The meteorological bomb is affecting parts of Newfoundland and Labrador in Canada with hurricane-force winds, hefty snowfall totals and whiteout conditions all but eliminating visibility. Just off the coast, 30-foot waves are beginning to build, as well.
“If the forecast works out like I think it will, this will be the single most intense storm I’ve experienced in my life,” said Eddie Sheerr, chief meteorologist at NTV News in Newfoundland.
Sheerr is anticipating the worst conditions to come as the storm passes just offshore east of St. John’s on Friday afternoon and evening, with “nearly 12 hours of winds sustained in the 40 to 50 mph range, and gusts nearing 80 to 90 mph.”
On Friday morning, St. John’s Airport in Newfoundland picked up four inches of snow in one hour.
Blizzard criteria have already been met at St. John’s Airport, with at least 6 hours logged by Friday afternoon. At that time, gusts were close to 70 mph, with sustained winds equivalent to a strong tropical storm.
Winds will become even stronger into Friday evening, perhaps approaching hurricane force. Gusts near 90 mph may be in the offing by nightfall.
Roughly 10,000 people in the vicinity of St. John’s were without electricity Friday evening. That number is expected to climb, perhaps significantly.
Meanwhile, the 20 to 32 inches of snow Sheerr is calling for in St. John’s could rank as the city’s single greatest one-day snowfall on record. Records at the airport date to 1942.
Some social media reports indicate close to three feet had fallen in a few locales by mid afternoon Friday.
Snow drifts of 8 to 10 feet also aren’t out of the question.
“If the snow [was] where this storm ended,” he said, it would make the storm impressive in its own right. However, the winds and waves will make it even more impactful.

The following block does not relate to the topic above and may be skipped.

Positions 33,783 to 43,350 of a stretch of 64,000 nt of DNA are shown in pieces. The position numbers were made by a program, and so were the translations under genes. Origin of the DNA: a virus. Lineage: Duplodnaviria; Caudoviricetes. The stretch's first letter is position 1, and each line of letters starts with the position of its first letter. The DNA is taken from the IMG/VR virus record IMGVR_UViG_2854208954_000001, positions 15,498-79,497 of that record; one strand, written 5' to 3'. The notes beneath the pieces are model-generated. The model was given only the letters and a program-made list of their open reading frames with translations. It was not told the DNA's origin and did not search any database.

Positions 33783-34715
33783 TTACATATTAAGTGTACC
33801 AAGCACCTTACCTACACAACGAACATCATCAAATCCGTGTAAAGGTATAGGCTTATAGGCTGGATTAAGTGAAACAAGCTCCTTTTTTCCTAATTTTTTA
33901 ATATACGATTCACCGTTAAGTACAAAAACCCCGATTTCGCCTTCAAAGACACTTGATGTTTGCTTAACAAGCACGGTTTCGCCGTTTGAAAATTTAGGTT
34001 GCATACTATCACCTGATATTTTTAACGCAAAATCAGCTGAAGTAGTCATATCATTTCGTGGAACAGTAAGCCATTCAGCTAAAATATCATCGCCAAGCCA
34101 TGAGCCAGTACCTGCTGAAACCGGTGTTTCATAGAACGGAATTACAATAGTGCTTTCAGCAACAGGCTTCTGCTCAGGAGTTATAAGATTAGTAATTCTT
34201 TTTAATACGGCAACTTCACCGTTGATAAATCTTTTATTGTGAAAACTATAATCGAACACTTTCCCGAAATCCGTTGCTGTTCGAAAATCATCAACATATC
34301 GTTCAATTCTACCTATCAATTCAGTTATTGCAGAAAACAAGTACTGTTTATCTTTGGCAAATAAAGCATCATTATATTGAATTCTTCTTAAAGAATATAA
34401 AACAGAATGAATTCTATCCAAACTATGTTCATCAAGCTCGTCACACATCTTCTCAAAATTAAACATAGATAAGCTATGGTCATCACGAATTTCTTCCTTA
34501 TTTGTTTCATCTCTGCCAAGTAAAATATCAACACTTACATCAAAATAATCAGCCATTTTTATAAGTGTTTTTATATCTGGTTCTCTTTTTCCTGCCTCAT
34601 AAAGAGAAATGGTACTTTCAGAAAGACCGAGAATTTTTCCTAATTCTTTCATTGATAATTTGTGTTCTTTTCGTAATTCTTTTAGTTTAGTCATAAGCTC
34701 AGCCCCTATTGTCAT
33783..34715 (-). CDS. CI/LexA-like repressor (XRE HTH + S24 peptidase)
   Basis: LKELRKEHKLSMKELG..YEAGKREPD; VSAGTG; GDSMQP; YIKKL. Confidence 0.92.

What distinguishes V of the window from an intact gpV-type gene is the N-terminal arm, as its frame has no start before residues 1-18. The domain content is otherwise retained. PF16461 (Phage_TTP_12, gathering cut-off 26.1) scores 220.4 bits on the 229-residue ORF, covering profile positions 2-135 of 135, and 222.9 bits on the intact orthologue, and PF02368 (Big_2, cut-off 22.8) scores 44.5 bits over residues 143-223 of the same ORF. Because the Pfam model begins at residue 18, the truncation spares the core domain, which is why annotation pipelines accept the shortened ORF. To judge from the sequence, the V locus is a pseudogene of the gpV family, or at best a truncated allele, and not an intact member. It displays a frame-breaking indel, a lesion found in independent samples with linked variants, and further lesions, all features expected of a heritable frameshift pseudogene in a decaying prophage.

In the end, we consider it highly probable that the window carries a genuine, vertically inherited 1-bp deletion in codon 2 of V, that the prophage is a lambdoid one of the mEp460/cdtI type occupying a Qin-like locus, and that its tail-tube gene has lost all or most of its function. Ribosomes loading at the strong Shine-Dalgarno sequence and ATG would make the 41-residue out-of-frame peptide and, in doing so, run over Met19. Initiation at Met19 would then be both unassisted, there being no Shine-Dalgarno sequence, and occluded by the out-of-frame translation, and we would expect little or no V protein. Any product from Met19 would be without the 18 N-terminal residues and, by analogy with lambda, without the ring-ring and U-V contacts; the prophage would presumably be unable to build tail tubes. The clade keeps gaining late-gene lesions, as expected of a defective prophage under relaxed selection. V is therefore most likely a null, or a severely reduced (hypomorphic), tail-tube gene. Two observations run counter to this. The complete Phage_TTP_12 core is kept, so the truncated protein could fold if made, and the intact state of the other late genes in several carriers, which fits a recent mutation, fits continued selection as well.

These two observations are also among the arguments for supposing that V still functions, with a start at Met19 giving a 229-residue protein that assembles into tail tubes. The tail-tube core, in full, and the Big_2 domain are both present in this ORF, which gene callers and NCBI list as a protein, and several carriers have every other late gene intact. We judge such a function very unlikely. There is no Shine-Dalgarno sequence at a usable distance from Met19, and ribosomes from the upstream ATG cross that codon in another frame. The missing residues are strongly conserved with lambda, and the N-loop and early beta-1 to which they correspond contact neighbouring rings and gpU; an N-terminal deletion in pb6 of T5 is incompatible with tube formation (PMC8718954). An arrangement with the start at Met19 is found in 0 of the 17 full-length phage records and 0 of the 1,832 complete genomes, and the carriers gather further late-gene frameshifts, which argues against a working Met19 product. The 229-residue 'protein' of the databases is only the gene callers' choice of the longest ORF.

Why the ferocious conditions? The system will be in the midst of undergoing “bombogenesis” as its northwestern flank slams Newfoundland and Labrador, unleashing an arsenal of extreme conditions.
As storms intensify, they expel more air than they ingest. That evacuation of air from the upper levels causes surface air pressure to drop. In general, the lower the air pressure reading, the stronger the storm. The rate at which the air pressure falls is an indicator of how quickly the storm is intensifying.
For a system to qualify as a “bomb,” its air pressure must plummet — decreasing by at least 24 millibars in 24 hours. Mean sea level air pressure in most locales is around 1015 millibars.
On Thursday morning, the fledgling storm was passing through the Northeast, with its minimum central pressure analyzed at 1009 millibars. A tightening gradient, or change in air pressure with distance, made for blustery winds over New England near the coastline. Gusts to 45 mph were clocked in Boston.
As of Friday morning, the storm appeared to be hovering in the mid 960s, with a shot at pressure readings dipping into the upper 950-millibar range during the evening.
Among the interesting elements of this storm is that the strongest winds won’t precede the storm but, rather, occur in its wake.
Newfoundland, Labrador and the Canadian Maritimes will be subjected to the storm’s “comma head,” a region of wraparound moisture that pinwheels back northwest of the low’s center. It’s in that zone that a band of mid-level frontogenesis — or a tightening temperature gradient across a short distance — will enhance upward motion and boost snowfall rates. Snow could thump down at rates approaching three inches or more per hour shortly after noontime Friday.
Meanwhile, a storm surge warning is in effect for parts of the region, as the storm’s persistent onshore flow could yield water levels running more than two feet above average in spots. Waves of 30 feet are possible near the coastline but could approach 60 feet well offshore.
The European wave model simulates a few 50-foot waves over the open Atlantic as far south as Bermuda.
The storm will begin to abate into the early morning hours Saturday. From there, the storm is slated to make a run at Greenland, arriving Sunday with 100 mph wind gusts in the nation’s southeastern coastal regions, and depositing a strip of up to two feet of snow. It could also affect Iceland, although less severely.